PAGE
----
19 April 2021
By Dominic Rollinson
Marc was on holiday for a few days around Cape Town and had a number of Cape targets which he was keen to track down. So, after reviewing Marc’s list of target birds, we decided a west coast day trip would work out best. Unfortunately, we happened to choose one of April’s windiest days, however we still had a fun, bird-filled day out and managed to find most of Marc’s target birds.
Cape Long-billed Lark was one of the many South African endemics seen along the west coast.
Marc and I left Cape Town before dawn to ensure we could arrive in some good strandveld (beach scrub) habitat at around sunrise. As we left Cape Town, we could still see the red glow of Table Mountain as the mountain was experiencing one of its worst wildfires in a long time, with firefighters battling to contend with the gale force winds!
We arrived at our Cape Clapper Lark spot, however the combination of strong winds and the lateness of the season meant they were quiet and would not show for us. In late winter/spring these birds are normally very easy to find as they give their obvious wing-clapping display. While birding in the area we came across our first Cape Sparrow, Bokmakierie, and Karoo Scrub Robin of the day.
Cute Karoo Scrub Robins were a constant feature of the day.
We headed further up the coast and stopped in at the Darling Hills area where we had good numbers of Pied Starling, with a few Wattled Starling in amongst these flocks. We also came across Cape Weaver, Red-capped Lark, Karoo Prinia, Cape White-eye, Cape Bulbul, and our best bird of the morning so far, a brief view of a male Southern Black Korhaan. Before we carried on with our way to West Coast National Park, we stopped in briefly at Tienie Versveld Wildflower Reserve where it did not take long to find the Cape subspecies of Cloud Cisticola as well as a few Blue Cranes.
One can never tire of seeing South Africa’s national bird, the Blue Crane.
Our next stop was West Coast National Park. Once in the park we headed to a nearby waterhole (with a hide/blind overlooking it) and enjoyed a late breakfast while we watched waterbirds going about their business and a number of terrestrial species coming down to drink. Waterbirds here included South African Shelduck, Cape Shoveler, Cape Teal, Yellow-billed Duck, Lesser Swamp Warbler, and a very showy African Rail. The nearby scrub yielded good views of Karoo Lark, Cape Spurfowl, Karoo Scrub Robin, Chestnut-vented Warbler, Grey-backed Cisticola, and Yellow Canary. In the distance we could see a number of Common Ostriches, a common species throughout the park.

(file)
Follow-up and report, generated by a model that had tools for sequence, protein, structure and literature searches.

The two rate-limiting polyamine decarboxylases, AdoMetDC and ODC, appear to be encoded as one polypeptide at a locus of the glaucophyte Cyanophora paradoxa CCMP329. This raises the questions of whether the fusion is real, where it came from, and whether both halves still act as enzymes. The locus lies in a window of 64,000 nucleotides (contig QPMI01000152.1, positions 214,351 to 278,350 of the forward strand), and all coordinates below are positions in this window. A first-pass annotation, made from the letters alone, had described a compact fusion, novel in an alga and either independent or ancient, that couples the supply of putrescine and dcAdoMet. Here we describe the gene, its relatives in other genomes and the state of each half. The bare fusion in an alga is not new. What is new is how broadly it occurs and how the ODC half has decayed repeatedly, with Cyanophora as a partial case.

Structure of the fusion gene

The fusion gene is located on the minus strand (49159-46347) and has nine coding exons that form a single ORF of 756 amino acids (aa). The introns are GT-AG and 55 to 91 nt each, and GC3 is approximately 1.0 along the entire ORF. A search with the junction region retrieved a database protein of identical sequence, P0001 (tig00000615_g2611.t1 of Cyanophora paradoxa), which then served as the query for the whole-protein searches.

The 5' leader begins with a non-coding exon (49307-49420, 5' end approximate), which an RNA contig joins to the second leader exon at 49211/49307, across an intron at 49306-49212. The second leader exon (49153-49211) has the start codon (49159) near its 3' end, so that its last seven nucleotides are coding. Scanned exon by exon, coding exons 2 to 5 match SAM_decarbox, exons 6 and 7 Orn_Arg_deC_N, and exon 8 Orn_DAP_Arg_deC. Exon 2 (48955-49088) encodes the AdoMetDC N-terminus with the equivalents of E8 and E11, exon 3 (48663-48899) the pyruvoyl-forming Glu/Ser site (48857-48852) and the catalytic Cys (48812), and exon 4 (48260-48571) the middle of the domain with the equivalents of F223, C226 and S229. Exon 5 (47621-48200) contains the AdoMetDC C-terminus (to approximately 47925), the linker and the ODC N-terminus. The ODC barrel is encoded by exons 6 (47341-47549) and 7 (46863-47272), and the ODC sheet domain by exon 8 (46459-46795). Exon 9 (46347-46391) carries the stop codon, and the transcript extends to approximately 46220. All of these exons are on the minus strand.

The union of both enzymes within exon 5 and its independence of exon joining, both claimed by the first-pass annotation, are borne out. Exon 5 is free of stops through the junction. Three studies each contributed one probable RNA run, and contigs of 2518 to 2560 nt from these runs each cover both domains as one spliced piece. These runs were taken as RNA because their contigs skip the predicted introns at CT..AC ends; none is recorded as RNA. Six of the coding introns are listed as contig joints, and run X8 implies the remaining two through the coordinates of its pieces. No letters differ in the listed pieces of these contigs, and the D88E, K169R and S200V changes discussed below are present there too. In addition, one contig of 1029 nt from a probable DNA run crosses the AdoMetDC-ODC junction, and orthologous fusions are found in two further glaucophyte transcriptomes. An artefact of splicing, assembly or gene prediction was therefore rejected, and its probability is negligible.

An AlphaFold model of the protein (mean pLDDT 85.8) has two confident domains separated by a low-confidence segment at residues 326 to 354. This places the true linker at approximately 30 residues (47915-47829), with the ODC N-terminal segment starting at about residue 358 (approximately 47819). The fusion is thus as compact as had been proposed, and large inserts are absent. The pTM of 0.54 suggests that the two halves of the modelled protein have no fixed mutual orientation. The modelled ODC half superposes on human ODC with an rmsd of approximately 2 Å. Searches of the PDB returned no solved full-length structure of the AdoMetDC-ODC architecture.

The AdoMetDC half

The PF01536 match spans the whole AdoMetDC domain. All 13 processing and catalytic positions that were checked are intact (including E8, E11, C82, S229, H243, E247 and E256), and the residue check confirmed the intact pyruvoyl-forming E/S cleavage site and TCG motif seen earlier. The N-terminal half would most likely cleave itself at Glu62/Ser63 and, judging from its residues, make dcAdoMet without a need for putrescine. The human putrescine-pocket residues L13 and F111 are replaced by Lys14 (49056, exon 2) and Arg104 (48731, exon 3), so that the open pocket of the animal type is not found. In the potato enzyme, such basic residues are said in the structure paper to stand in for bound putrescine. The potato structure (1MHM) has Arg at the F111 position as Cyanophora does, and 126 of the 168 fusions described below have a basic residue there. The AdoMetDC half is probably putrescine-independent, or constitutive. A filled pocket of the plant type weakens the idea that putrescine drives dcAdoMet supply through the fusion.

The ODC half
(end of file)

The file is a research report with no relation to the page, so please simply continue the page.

We had timed our day so that we could arrive at Geelbek Hide with a dropping tide which ensured we could experience the huge numbers of waders (shorebirds) which makes this park famous amongst birders. At this time of the year many of the species are in almost complete breeding plumage (before they depart for the Northern Hemisphere to breed) which is quite different from how we mostly experience migrant waders in South Africa. While scanning through the large numbers of waders, hoping for a rarity (unfortunately not this time), we managed to find Black-winged Stilt, Pied Avocet, Eurasian Whimbrel, Eurasian Curlew, Common Greenshank, Grey, Common Ringed, and Chestnut-banded Plovers, Ruddy Turnstone, Curlew, Terek, and Marsh Sandpipers, Sanderling, and Little Stint. The hordes of Greater and Lesser Flamingos however did not take as much effort to pick out as they went about feeding in the shallows. In the nearby strandveld we found the beautiful Black Harrier as well as Martial Eagle (rare in the park), Jackal Buzzard, Grey-winged Francolin, and Malachite Sunbird.
Grey-winged Francolins were seen well near Geelbek Hide.
Before we left the park, we made a quick stop at Seeberg Hide where we added the likes of Kittlitz’s, Three-banded, and White-fronted Plovers, African Oystercatcher, and White-backed Mousebird to our rapidly growing list.
Once out the park we made our way through the town of Langebaan and into the farmlands around Vredenburg on the Columbine Peninsula. The wheatfields in this area often hold a number of special birds, and today was no different. Highlights from our time here included Cape Long-billed and Large-billed Larks, Cape Bunting, White-throated Canary, Sickle-winged Chat, Capped Wheatear, Namaqua Dove, Blue Crane, and after much searching a couple of obliging Grey Tits. Before turning back south towards Cape Town we took a scan over the bay from near St Helena Bay and found Bank, Crowned, Cape, and White-breasted Cormorants.
We ended a long but really enjoyable day out with 108 species on the list and managed to find many of Marc’s target birds.